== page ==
Dartmouth distillery use botanicals from around the world to create a gin that celebrates the maritime history of Dartmouth.
Price: ~ £35
Grains of Paradise
Kaffir lime leaf
Scots pine needle
Lance and Caroline Whitehead are the folks behind June’s gin of the month from Craft Gin Club. The distillery sits nestled in the hills between Dartmouth and the Devon coast, part of the Calancombe estate, on which they also produce wine! Made in a custom still built by the Müller family, from the Black Forest in Germany, the impressive list of botanicals has an even more impressive list of origins. A few, including their water, are from the estate itself, whereas others are from as far afield as Pakistan and Sumatra.
The bottle is fairly tall with rounded base and shoulder and an impressive amount of embossing. Around the front half is a label of deep blue behind bronze. The name of the gin sits beneath the symmetrical image of a plant, and above an image of the wrought iron leopards from the doors of St Saviour’s Church in Dartmouth. Above the label the name of the distillery is embossed around the shoulder, and beneath, an embossed seahorse surrounded by waves. The entire back of the bottle is embossed with the same plant and leopard images as on the label, and printed on the back of the label is the logo of the distillery. It’s an impressive bottle, but for me the label is a little dark so I don’t think it stands out until you can get it in your hand.
Note: Having looked at the website it seems this may be a special bottling as the images there show a back label, rather than embossed glass.
Dartmouth has a delightfully smooth, creamy, sea-salty juniper aroma. There are lots of lovely fresh but soft notes of citrus, with a little tang from the cardamom and peppers. Beyond that a touch of herbal rosemary creeps through, mixing with a slight floral essence. There’s a lot going on, but in a complimentary way. There’s real cohesion from the botanicals, which I think is very impressive given the list, with the whole being greater than the sum of its parts. I find it quite mouthwatering, and can’t wait to dive in!
Neat, there’s a lot more juniper than on the nose, with the initial flavor being much more clean and fresh than the sweet, creamy haze of the aroma. It has a classic profile to me, with juniper out in front, followed up by a well rounded citrus that’s given depth by the spices. Orris is there, with a nice dry and floral kick, keeping some of the more bitter botanicals at bay along with the liquorice. It’s an incredibly well rounded gin, and delicious.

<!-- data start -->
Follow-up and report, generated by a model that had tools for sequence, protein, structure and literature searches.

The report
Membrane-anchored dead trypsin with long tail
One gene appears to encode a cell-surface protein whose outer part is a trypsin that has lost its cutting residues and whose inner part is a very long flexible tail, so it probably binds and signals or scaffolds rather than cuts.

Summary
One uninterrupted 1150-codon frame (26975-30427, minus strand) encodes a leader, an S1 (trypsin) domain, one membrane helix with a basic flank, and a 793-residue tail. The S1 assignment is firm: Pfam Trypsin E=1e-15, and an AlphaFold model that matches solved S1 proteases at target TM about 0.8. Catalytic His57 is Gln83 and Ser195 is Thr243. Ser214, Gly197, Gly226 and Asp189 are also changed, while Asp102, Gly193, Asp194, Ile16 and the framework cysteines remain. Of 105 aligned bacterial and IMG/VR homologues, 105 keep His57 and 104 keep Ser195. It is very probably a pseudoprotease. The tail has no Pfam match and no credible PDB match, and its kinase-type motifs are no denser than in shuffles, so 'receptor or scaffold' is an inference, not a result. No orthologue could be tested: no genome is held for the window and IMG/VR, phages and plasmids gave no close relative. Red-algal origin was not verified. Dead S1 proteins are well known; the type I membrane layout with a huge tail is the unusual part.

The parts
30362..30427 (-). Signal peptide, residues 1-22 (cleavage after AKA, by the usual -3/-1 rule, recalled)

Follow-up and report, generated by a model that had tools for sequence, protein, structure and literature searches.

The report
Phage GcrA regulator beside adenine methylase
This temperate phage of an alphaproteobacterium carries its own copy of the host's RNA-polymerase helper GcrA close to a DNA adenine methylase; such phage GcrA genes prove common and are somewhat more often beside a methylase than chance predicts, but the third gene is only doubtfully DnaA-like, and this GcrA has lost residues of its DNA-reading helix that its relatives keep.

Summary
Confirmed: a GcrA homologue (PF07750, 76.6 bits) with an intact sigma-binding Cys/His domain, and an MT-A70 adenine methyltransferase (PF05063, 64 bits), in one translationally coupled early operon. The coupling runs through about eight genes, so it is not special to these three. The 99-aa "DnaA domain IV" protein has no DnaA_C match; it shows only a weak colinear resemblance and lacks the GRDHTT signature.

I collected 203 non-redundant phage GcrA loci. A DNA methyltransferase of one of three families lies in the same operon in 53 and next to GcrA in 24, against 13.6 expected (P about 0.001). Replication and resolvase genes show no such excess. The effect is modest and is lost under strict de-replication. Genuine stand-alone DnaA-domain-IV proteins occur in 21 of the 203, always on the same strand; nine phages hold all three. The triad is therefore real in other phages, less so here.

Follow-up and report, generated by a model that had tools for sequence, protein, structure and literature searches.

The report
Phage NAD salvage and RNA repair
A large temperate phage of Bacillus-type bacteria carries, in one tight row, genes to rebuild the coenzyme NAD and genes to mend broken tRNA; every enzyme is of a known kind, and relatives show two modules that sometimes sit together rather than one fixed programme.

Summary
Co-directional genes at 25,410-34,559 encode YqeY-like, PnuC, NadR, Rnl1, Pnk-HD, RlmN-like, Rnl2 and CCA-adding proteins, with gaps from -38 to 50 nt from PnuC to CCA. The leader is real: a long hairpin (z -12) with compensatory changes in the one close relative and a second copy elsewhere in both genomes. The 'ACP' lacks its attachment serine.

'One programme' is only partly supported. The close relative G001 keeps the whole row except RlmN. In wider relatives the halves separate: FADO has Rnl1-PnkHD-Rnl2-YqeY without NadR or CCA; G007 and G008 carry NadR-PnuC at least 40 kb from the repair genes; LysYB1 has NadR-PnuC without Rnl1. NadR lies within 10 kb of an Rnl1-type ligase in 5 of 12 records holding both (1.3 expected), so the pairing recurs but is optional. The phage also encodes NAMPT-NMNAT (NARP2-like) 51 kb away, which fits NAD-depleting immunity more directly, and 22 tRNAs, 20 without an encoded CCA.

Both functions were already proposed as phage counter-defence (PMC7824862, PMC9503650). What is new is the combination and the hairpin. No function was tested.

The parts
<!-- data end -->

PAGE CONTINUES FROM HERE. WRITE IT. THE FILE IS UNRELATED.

Water really brings out some of the drier flavours from the kaffir and cubeb, adding another element to the flavour which works really well for me. It retains that powdery floral element, but introduces a little more bite, and helps bring out some herbal notes, with the rosemary now becoming noticeable. It’s a more earthy flavour overall, darker and a little more bitter.
Finally, a G&T (3:1 Franklin & Sons Indian Tonic with a lemon wheel and sprig of rosemary to garnish). The result is absolutely wonderful. Despite all the flavour of this gin, there’s a subtlety to this G&T that, rather than disappoint, actually impresses me all the more. This just works. The rosemary provides a gorgeous boost to the flavour already present in the gin, but the classic juniper flavour is still there, along with zesty citrus and tangy cubeb. Nothing is overstated, and nothing is lacking.
Dartmouth is a superb gin. Considering the complex list of botanicals, it reaches a degree of harmony that is very impressive, whilst still retaining a classic, juniper led profile. It’s bold and interesting neat, but not troublesome in a G&T, instead working beautifully with the tonic. I would highly recommend it.
Darthmouth gin is available online
All reviews are of the author’s personal collection, bought and paid for by the author, unless otherwise stated.